GRANTS. N.M. (KRQE) - The amount of floodwater isn't the only problem affecting New Mexico. What's in the water is causing concern, too.
The state environment department is warning thousands of public and private well owners that their wells might now be contaminated.
New Mexico environment officials estimate there are more than 2,000 infected water wells around the state and they say a lot of it has to do with flooded sewers.
New Mexico Environment Department officials are telling private well owners to open all the facets indoors and flush chlorine through the system until they can smell the chlorine.
They estimate thousands of private and public wells have been contaminated by heavy flood waters from rain storms that swept through the state last week.
“There are more problems right now then we have people,” said Dennis McQuillan, source water protection manager of the New Mexico Environment Department.
One of those major problems is in Grants where water from the San Jose River is continuing to spill over banks and wash out streets.
Late Monday, the sewer backed up, too, causing major contamination issues for the city.
“Floodwater is just unsanitary because it's usually co-mingled with raw sewage coming from sewers that have flooded coming from septic tanks that have been inundated,” said McQuillan.
Grants city officials say they're doing all they can to decontaminate the floodwater that's been running through some of their busiest streets since last night.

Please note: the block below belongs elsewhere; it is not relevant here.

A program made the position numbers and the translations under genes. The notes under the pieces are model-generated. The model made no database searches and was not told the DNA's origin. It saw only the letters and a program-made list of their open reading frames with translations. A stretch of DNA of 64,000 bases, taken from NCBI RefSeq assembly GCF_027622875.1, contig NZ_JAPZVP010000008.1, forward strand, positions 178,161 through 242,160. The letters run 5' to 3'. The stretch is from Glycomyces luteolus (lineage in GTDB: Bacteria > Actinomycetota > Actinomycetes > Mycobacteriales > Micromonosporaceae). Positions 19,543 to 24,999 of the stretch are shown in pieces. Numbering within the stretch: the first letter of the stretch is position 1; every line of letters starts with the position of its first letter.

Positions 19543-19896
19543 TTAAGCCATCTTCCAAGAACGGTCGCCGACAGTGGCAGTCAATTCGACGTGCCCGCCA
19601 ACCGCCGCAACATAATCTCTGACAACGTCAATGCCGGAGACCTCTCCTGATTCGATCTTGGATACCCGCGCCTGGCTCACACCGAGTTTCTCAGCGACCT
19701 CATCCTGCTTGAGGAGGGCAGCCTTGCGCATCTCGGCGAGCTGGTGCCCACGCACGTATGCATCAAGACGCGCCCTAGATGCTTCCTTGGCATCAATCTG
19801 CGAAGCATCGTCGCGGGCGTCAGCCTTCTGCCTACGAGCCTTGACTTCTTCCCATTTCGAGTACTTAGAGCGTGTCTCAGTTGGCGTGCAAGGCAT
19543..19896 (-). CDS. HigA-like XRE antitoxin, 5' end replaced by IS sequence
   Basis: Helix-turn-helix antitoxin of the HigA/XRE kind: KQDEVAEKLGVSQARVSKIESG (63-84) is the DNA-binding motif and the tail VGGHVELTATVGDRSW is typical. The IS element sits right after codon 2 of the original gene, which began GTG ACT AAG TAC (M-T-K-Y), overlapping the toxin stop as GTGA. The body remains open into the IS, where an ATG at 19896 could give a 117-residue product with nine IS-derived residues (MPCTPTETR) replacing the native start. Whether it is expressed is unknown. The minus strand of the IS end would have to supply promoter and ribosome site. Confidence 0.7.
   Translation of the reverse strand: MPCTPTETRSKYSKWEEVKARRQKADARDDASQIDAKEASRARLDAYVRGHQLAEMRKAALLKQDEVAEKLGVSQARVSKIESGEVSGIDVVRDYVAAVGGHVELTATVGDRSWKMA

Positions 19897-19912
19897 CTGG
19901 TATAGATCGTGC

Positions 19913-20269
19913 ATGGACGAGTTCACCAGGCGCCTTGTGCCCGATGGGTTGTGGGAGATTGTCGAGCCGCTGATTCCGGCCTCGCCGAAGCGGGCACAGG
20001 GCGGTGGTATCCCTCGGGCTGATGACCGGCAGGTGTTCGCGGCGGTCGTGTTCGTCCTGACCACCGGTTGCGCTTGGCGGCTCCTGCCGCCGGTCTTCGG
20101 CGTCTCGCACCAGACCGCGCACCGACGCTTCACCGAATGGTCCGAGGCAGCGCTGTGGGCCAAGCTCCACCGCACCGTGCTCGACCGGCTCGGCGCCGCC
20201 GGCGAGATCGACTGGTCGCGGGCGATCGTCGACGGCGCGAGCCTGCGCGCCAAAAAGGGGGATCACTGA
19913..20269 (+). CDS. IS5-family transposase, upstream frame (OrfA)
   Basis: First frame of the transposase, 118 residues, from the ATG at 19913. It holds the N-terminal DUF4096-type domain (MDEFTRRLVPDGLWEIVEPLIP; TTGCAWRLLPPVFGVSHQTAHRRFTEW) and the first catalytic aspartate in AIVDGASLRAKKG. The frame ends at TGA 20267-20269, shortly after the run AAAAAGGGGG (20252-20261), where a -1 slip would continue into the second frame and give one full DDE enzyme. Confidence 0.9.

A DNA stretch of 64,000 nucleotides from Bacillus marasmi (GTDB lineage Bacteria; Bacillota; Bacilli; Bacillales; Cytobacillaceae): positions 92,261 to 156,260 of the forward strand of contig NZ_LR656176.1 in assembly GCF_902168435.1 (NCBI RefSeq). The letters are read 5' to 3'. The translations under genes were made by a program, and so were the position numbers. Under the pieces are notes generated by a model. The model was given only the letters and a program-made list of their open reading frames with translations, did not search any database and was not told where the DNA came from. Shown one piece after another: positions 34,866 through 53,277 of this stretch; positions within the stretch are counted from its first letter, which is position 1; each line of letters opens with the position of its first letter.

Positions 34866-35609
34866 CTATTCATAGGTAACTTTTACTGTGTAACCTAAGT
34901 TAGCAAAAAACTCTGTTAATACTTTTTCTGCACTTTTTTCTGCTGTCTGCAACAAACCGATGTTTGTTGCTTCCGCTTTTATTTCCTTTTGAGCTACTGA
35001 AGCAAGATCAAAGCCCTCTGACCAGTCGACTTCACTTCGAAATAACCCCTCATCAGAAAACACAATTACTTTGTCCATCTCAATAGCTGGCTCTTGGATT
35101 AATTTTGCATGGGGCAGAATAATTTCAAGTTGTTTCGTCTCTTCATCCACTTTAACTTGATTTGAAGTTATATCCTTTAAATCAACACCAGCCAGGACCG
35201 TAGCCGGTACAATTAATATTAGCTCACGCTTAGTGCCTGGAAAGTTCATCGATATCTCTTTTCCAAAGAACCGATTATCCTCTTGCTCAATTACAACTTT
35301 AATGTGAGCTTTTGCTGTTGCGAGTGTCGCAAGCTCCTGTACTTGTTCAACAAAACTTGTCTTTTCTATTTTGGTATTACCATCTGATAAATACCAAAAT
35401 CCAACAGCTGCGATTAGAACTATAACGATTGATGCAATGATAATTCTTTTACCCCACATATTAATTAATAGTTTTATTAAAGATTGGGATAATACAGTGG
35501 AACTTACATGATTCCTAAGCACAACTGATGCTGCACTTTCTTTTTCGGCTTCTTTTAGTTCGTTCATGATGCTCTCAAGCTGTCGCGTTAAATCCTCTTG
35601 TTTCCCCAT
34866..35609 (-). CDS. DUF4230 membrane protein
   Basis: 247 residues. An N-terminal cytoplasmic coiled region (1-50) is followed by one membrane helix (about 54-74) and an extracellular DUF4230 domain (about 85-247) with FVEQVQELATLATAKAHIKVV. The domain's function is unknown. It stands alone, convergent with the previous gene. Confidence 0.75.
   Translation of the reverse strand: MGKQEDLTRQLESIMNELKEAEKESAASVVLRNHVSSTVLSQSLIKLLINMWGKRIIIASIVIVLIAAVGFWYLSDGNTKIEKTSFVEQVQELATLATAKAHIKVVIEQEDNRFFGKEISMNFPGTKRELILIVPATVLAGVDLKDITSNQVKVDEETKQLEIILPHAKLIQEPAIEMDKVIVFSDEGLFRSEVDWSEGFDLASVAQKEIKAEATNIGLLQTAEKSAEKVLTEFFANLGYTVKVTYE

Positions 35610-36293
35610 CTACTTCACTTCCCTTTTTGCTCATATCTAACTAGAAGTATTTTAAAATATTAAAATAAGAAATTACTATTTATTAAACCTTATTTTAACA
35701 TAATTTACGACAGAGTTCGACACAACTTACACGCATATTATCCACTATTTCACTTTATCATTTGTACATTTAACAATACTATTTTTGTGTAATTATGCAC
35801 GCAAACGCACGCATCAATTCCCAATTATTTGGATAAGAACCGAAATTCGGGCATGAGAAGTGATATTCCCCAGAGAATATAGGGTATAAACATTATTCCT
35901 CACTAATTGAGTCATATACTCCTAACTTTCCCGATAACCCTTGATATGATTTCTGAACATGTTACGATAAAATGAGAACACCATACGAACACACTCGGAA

"Usually, most people use Clorox bleach to decontaminate stuff with,” said Tony Boyd of the Cibola County Rescue Department. “Well, they can't use the bleach or the hph pellets, so they are using lime. It helps to neutralize the contamination.”
Boyd says the city has already put about 200 pounds of lime in the affected areas in hopes of washing out any possible bacteria.
“Because safe drinking water saves lives plain and simple,” said McQuillan.
Grants city officials say they expect the decontamination process to be finished later Tuesday night.
They say there is no immediate danger for residents.
The environment department says they will continue to monitor and test the water in that area.
According to the Environment Department, it is the responsibility of private well owners to protect their own water supply.
Water can be tested for contamination at a number of private companies across the state.
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